A week ago I attended the Tommy’s Awards. It was quite a day. Great food, lots of wine, lovely people to share the day with (thank you Jenny, Suzanne and Leigh for welcoming me to your blogger gang) Peppa Pig and Harry from Mcfly. Yes, I was beside myself. No, I didn’t touch him. Apart from all that it was a really emotional day and I wrote a few thoughts on the way home.
I am writing this on the train. Trying somehow to gather my thoughts and get across to you how this day has made me feel. I am torn between wanting to get it down, while it’s still so new and feeling that maybe I need to take time to reflect, for fear of coming across as preachy or smug. I am opting for the former option at the moment, even if it never gets published.
I knew today would be emotional. I knew that people would be sharing stories that I would find hard to hear and that would make me cry and I was right, but I didn’t know that I would be quite so affected by the stories I was going to hear.
Tommy’s do amazing work with all sorts of families. The doctor who heads up their Rainbow clinic spoke movingly about the work they do looking after families after they have suffered a neo-natal death or still birth. He spoke with such passion and pride. He was quite the Superhero. The CEO of Tommy’s announced a new Miscarriage Research Centre. Their hope is to provide every woman who miscarrys a reason for it. Every woman. To be told you have had another miscarriage and another and another and to never know why is heartbreaking. Regardless of whether there is a fix, just to know why would help so many people and of course, knowing why would make a fix much more likely. That we must rely on a charity for this stuff is quite another debate, but the passion and determination in which this charity fights for improvements in treatment, research and all important emotional support is quite something.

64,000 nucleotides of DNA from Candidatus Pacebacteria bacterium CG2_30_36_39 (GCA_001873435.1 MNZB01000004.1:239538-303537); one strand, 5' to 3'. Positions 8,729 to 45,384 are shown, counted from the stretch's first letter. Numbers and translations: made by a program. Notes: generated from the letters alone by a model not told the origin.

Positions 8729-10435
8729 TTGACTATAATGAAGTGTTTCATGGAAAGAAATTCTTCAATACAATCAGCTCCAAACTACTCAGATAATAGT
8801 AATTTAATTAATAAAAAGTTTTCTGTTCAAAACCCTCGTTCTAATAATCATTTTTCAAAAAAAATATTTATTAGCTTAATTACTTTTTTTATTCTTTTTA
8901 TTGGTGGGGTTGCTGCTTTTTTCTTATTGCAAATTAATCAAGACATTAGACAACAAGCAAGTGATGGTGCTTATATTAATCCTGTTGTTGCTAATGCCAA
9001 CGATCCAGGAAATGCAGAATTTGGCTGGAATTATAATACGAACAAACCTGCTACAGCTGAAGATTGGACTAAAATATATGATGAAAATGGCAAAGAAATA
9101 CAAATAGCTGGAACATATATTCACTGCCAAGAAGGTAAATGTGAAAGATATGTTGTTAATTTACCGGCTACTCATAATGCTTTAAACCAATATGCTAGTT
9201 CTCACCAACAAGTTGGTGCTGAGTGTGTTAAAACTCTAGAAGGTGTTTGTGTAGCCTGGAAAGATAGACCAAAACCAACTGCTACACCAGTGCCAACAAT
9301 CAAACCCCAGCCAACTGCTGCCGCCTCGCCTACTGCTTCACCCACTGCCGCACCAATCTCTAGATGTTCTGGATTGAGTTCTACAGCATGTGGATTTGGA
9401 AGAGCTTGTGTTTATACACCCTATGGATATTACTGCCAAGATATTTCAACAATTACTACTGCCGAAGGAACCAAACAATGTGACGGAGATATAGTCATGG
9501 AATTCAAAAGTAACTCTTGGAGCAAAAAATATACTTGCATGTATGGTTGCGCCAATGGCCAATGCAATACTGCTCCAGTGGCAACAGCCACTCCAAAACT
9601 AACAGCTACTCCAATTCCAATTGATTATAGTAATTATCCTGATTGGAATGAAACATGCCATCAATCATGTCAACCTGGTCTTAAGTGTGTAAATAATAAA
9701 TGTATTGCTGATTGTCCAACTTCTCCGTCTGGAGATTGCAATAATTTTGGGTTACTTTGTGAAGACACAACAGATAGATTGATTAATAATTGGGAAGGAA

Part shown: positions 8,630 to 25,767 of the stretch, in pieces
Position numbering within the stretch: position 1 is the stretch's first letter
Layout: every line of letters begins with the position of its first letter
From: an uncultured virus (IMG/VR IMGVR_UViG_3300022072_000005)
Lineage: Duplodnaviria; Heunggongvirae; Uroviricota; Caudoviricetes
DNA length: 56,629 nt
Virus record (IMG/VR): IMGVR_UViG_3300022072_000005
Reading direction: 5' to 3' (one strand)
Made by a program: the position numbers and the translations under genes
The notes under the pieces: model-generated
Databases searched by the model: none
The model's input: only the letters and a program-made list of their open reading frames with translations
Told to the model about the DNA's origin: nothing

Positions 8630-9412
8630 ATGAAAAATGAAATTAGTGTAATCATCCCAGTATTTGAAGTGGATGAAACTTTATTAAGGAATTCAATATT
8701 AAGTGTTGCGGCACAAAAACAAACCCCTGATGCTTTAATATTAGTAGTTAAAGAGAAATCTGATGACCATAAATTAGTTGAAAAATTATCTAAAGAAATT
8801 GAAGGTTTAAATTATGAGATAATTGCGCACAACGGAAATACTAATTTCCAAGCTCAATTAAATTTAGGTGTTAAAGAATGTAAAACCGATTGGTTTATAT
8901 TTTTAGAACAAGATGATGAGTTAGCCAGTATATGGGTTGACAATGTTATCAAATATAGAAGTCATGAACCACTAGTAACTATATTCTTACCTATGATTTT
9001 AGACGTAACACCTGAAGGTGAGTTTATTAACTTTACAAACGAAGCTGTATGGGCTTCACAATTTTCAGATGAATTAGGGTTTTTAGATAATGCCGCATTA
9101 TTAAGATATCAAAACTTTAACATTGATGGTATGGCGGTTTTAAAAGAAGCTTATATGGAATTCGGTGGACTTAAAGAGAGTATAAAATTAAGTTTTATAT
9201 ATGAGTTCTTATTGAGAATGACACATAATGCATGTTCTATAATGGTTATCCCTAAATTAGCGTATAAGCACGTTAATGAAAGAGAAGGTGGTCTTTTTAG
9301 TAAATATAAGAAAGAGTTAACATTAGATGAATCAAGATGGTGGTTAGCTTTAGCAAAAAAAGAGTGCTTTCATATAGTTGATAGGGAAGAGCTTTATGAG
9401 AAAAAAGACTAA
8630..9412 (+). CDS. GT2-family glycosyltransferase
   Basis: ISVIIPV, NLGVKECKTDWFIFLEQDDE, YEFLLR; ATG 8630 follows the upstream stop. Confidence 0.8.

Most of all I have come away feeling so grateful and lucky. Life is not a adversity competition. We all have our ‘stuff’. Everyday stuff and not so everyday stuff. It is real for us and it can be heartbreaking. The reason I was there was because I have experienced things that many other either haven’t or haven’t felt able to take about and I have. However, as I sit on this train, with my takeaway tea and lots of grey men in grey suits, with the odd tear sliding down my cheek as I type, I am acutely aware that I am speeding towards my home. My home that is filled with my kids. My kids who drive me nuts. Who often make me so cross I feel I will explode. Who make me feel so tired by 5pm that I want to weep. My healthy, alive children, who have never suffered anything more serious than a broken bone or a nasty virus. My beautiful, wonderful, full term children and many are not returning to that.
Today I heard stories of babies born too soon to survive, tiny babies, weighing less than a pound, born at 23 weeks. I heard of twins born and parents who had to bring just one child home. Amazing children smashing the odds to survive, but living with challenging conditions that will be with them forever. The resilience of these families was humbling. How humans pick up there lives and carry on for the sake of their children, for others in similar situations or raising awareness and moving research forwards is quite breathtaking when you see it up close.
I know, I know that someone telling you to feel grateful is the last thing that will make you feel grateful. I really do know that, but I am saying it anyway, because, I also know that I spend too much time being frustrated with the small annoyances with life and I probably will continue to do so. That’s ok. But is does no harm to stop sometimes in our busy, frantic lives and really think about what we have, rather than what we don’t have. I don’t do that enough, do you?